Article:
U.S. blames 'terrorist element'
for improved Sunni attacks

Monday, October 6, 2003

The U.S. military has acknowledged that the rate and lethality of Sunni attacks have increased steadily since May. They said U.S. soldiers are attacked up to 20 times a day.

"The enemy has evolved a little bit more lethal, a little more complex, a little more sophisticated, and in some cases, a little bit more tenacious," U.S. commander in Iraq Lt.Gen. Ricardo Sanchez said. "The evolution is about what we expected to see over time."

"We believe there is, in fact, a foreign fighter element," Sanchez said. "There is a terrorist element focused on the coalition and international community in general and the Iraqi people to try to disrupt the progress being made."

Most of the attacks on U.S. troops stem from roadside bombs, officials said. They said Saddam loyalists have improved the quality of these bombs, which can be detonated from hundreds of meters away, Middle East Newsline reported.

"They are using more improvised explosives against us," Sanchez said. "So he has evolved, he is learning. But so are we and this will continue for a little while."

Sanchez provided the first data of Iraqi attacks on U.S. troops in Iraq as well as the rate of casualties. The general said American soldiers are sustaining between 15 and 20 attacks per day amid the steady flow of insurgents from Iran and Syria. The figure cited by the general was higher than that reported by U.S. military spokespeople.

The general did not rule out the prospect of a Sunni attack with a large number of U.S. casualties. He said coalition forces must be prepared for "intense fighting" in western Iraq.

"As long as we are here, the coalition needs to be prepared to take casualties," Sanchez said. "We should not be surprised if one of these mornings we wake up and there has been a major firefight with some casualties or a significant terrorist attack that kills significant numbers of people."

Sanchez said most of the attacks were in Baghdad and the surrounding region to the north and west. The area is known as the Sunni Triangle and contains loyalists of deposed President Saddam Hussein as well as Al Qaida insurgents.

[In Washington, the Bush administration said the U.S. intelligence community and military have determined that Iraq's nuclear program was far less advanced than had been assessed. David Kay, appointed by the White House to investigate Iraqi weapons of mass destruction assets under the Saddam Hussein regime, said no chemical or biological weapons were found in Iraq and that the nuclear program was in the "very most rudimentary" stage.]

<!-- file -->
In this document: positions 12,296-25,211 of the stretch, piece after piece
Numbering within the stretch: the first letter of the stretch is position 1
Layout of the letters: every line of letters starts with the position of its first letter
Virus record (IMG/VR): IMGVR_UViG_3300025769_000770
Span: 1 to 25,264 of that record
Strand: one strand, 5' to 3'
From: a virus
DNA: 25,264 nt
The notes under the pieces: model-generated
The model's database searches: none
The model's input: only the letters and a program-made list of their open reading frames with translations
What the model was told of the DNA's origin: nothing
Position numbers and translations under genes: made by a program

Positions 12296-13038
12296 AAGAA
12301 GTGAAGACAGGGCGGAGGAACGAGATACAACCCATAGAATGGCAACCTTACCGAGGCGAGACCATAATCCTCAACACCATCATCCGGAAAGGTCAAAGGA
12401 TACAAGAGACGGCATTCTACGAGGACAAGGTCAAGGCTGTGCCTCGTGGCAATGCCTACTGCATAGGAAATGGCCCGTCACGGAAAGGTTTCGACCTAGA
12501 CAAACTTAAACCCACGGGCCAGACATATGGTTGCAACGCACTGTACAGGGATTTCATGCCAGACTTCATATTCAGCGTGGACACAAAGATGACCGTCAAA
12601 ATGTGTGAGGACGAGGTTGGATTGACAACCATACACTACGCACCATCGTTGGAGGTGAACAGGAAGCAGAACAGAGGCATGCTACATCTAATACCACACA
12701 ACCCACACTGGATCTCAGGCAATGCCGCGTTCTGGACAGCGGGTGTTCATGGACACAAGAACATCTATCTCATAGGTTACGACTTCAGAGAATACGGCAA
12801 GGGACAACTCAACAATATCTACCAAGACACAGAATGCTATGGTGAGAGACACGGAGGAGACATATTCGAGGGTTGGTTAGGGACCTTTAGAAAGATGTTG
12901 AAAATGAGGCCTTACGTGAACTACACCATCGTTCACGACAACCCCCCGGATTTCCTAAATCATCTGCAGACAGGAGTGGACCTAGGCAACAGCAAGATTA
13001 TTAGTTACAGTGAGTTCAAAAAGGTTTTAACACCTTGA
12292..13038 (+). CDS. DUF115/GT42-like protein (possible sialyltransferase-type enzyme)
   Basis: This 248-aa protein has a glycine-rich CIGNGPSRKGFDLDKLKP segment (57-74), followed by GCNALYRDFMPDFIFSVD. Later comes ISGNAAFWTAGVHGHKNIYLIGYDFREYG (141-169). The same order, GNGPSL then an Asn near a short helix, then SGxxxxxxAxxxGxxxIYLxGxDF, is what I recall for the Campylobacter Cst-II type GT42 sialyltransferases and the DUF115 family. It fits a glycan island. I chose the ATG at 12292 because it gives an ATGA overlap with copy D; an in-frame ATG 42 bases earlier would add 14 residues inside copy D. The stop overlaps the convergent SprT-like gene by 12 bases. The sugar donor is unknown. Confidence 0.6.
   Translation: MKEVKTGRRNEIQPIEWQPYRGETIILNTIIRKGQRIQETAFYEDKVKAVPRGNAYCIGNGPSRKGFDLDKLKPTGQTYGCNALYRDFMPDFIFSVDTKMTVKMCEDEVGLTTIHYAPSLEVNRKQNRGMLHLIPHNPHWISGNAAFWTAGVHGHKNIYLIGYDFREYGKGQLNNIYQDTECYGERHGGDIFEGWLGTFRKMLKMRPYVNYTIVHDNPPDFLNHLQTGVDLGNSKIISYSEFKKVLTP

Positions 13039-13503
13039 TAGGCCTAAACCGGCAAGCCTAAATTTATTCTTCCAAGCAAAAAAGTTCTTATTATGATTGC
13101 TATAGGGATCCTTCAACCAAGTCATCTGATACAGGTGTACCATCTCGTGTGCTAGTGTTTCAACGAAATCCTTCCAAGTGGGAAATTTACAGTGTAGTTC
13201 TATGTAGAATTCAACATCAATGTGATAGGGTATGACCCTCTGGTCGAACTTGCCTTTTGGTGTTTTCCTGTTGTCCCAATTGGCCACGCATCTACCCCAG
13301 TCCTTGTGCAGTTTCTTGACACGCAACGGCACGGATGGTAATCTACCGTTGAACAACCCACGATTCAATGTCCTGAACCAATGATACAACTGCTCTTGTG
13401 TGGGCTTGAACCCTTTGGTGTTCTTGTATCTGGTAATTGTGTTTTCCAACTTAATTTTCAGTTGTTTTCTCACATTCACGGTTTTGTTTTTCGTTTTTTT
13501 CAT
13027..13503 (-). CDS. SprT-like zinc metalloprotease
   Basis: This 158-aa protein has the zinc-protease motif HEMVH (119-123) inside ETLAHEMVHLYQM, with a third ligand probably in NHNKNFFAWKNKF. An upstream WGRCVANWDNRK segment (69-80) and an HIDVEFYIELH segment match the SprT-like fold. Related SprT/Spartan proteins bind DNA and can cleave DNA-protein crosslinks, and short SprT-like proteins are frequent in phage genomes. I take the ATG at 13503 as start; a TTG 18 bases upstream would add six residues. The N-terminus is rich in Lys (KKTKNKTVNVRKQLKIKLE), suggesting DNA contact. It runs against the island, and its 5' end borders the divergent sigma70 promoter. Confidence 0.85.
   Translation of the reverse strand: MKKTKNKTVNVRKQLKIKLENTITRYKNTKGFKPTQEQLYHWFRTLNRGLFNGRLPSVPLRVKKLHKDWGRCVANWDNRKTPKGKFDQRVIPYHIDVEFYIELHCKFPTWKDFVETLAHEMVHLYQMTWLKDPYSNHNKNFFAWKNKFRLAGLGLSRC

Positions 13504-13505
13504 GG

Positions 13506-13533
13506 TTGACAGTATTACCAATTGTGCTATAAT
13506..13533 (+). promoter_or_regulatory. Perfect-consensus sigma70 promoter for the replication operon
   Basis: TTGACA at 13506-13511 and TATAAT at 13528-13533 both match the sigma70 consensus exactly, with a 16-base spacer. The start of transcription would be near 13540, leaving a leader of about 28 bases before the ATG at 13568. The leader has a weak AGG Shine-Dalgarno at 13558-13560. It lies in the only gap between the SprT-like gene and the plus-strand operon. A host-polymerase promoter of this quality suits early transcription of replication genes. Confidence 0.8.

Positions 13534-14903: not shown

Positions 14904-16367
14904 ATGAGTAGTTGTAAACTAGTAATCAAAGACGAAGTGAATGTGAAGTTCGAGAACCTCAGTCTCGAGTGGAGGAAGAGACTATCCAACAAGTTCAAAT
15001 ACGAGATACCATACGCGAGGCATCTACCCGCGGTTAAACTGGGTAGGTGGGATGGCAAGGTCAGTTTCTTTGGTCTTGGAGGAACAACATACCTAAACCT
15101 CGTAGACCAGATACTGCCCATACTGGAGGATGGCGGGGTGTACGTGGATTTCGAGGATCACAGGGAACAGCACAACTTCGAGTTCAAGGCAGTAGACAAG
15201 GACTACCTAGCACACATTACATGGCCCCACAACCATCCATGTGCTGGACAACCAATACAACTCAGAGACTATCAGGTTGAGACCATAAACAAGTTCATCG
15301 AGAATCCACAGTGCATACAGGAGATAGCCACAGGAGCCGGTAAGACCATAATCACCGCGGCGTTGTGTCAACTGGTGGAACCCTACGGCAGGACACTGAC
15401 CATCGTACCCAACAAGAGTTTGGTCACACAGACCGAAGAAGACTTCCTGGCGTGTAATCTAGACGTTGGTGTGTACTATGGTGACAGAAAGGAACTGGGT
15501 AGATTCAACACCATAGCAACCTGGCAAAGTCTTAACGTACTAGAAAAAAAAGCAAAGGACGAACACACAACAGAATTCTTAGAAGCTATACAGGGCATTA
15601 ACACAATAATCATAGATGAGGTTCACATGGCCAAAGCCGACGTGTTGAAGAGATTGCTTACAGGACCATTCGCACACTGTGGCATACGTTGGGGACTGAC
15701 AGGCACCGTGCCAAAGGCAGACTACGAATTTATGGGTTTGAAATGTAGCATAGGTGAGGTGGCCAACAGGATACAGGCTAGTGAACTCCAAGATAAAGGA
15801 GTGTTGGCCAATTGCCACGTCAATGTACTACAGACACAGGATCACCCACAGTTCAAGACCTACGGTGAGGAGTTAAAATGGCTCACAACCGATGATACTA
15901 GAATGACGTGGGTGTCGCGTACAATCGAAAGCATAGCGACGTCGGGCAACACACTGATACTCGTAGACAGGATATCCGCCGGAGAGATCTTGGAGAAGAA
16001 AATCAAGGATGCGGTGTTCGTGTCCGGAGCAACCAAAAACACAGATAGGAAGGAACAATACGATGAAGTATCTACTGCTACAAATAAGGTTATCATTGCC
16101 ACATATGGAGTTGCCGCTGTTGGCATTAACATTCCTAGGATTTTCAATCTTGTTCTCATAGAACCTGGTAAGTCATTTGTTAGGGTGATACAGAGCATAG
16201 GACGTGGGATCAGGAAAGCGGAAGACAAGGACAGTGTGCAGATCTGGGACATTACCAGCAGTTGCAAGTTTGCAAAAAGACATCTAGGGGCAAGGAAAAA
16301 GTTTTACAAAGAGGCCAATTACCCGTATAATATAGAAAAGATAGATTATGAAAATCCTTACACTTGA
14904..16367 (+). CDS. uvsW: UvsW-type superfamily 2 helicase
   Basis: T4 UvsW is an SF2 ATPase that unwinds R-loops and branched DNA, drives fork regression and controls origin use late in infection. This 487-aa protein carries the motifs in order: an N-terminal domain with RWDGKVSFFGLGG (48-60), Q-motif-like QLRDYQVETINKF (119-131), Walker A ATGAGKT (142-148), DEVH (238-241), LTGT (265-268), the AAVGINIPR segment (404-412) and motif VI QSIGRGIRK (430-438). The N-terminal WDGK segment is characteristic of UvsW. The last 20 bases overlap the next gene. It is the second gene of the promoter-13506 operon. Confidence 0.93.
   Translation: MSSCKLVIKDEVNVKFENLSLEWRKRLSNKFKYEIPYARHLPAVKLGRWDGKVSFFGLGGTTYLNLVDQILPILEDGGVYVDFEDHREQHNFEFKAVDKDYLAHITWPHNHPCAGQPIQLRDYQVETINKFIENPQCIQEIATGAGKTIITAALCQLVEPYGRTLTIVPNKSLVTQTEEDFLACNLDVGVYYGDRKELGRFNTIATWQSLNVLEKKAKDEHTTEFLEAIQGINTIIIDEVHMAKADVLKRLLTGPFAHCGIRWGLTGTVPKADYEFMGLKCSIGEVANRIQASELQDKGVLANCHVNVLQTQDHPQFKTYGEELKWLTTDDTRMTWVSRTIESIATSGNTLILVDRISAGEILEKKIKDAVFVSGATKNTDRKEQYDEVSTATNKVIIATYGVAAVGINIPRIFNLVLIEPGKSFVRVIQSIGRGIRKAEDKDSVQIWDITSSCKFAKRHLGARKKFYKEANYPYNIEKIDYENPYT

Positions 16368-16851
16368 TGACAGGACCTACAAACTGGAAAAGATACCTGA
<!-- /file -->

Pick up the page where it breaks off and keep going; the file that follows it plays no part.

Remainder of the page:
Sanchez said U.S. troops were being killed at an average of up to six a week. He said 40 U.S. soldiers have been injured on an average week. The general said the insurgency remains local with signs that a regional leadership is emerging.

The Defense Department said 314 U.S. service members have died in Iraq since the war began on March 20. About 90 of them were killed since May 1, when the United States declared the end of major combat.

The United States and its allies have launched several measures to stop the flow of Islamic insurgents into Iraq. Officials said coalition forces have decided to close the borders with Iran and Syria starting from Friday in an attempt to halt the flow of Islamic insurgents into Iraq. They said the coalition would seek to keep the borders closed for up to a month. Officials said the U.S. military assesses that American casualties will decrease as Iraqi troops take over many of the security duties. About 100,000 Iraqi military and security forces are expected to complete training and begin deployment in 2004 along the nation's border and around key highways and facilities.

On Wednesday, the U.S. military relinquished to Iraqi forces the responsibility for security at Objective Jaguar, a major ammunition supply point. The security responsibility for the 12-square-kilometer facility was assumed by the Iraqi Civil Defense Corps.

Officials said Iraqi forces underwent two phases of training by U.S. troops. In the first phase, the Iraqi recruits spent two weeks in basic training at Camp Claiborne in Mosul where they were instructed in marksmanship, drill and other military disciplines. In the second phase, Iraqi soldiers were trained for a week in how to search vehicles, detain suspects and guard facilities.

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